Wisconsin Supreme Court Determines Notice-Prejudice Rule Does Not Apply To Claims-Made-and-Reported Requirement

In Anderson v. Aul, 2015 WI 19 (2015), the Wisconsin Supreme Court reversed the decision of the court of appeals and held that Wisconsin’s notice-prejudice statutes did not apply to the reporting requirements in claims-made-and-reported policies.

The underlying case involved a malpractice lawsuit filed by Melissa and Kenneth Anderson against their former attorney, Thomas Aul, alleging that Mr. Aul continued to represent the Andersons in a purchase of commercial property transaction, although he had an unwaivable conflict of interest. On December 23, 2009, Mr. Aul received a letter from an attorney hired by the Andersons that clearly constituted a claim. Mr. Aul, who was insured under a claims-made-and-report policy issued by Wisconsin Lawyers Mutual Insurance Company (WILMIC), however, did not report the claim until March 2011, well after the April 1, 2009 to April 1, 2010 policy period. Later, in March 2012, the Andersons filed suit against Mr. Aul and several companies owned by Mr. Aul, alleging among other things, legal malpractice. In May 2012, WILMIC moved to intervene and undertook Mr. Aul’s defense under a reservation of rights.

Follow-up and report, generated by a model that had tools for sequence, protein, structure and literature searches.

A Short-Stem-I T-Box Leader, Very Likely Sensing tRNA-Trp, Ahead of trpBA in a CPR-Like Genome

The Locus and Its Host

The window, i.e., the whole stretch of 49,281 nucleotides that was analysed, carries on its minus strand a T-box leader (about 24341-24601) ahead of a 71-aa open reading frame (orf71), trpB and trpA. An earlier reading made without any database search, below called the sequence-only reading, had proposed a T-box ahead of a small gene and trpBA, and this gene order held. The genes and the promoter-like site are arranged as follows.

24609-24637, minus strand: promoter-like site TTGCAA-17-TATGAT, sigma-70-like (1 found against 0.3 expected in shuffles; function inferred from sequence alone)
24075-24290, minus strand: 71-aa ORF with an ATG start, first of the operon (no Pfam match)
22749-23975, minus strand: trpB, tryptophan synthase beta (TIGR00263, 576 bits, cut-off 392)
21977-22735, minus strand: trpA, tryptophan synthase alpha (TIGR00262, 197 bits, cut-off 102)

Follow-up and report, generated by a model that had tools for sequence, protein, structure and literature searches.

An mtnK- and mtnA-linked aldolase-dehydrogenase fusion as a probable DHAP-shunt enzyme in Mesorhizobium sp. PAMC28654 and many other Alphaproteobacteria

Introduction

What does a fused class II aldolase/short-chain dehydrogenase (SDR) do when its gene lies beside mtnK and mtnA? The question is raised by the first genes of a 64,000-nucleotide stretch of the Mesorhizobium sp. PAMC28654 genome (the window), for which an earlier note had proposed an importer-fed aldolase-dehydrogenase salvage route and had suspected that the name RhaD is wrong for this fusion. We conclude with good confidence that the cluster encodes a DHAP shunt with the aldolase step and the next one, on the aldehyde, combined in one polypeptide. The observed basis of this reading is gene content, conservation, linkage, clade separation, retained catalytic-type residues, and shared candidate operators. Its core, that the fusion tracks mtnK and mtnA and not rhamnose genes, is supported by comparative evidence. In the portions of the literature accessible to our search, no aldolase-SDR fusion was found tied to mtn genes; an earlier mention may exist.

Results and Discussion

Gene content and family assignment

The suit was then bifurcated to address the coverage issues first. WILMIC moved for summary judgment, arguing that its policy did not provide coverage to Mr. Aul. The circuit court granted WILMIC’s motion, but the court of appeals reversed on the basis of Wisconsin’s notice-prejudice statutes, Wis. Stat. §§ 631.81(1) and 632.26(2). The circuit court reasoned that since there was no prejudice to WILMIC, it could not disclaim coverage.

On appeal, the Wisconsin Supreme Court, after a rigorous statutory interpretation and historical overview of the notice-prejudice statutes, held that the statutes were not intended to supersede the reporting requirements of claims-made-and-reported policies. The Supreme Court found several facts important in making their decision. For example, the Supreme Court noted that both of the statutes were enacted in the 1970’s, a time when occurrence liability policies were dominant. Further, the Supreme Court observed that the comments made by the Insurance Laws Revision Committee of the Wisconsin Legislative Council suggested that the notice-prejudice statutes were not meant to apply to claims-made-and-reported policies. In addition, the Supreme Court was wary to apply the notice-prejudice statutes to claims-made-and-reported policies because that would essentially entail rewriting the terms of the policies by expanding the initial grant of coverage. To support its ruling, the Supreme Court pointed to courts in other jurisdictions that have likewise reasoned that the reporting requirements of claims-made-and-reported policies were valid, notwithstanding statutory or common law notice-prejudice rules.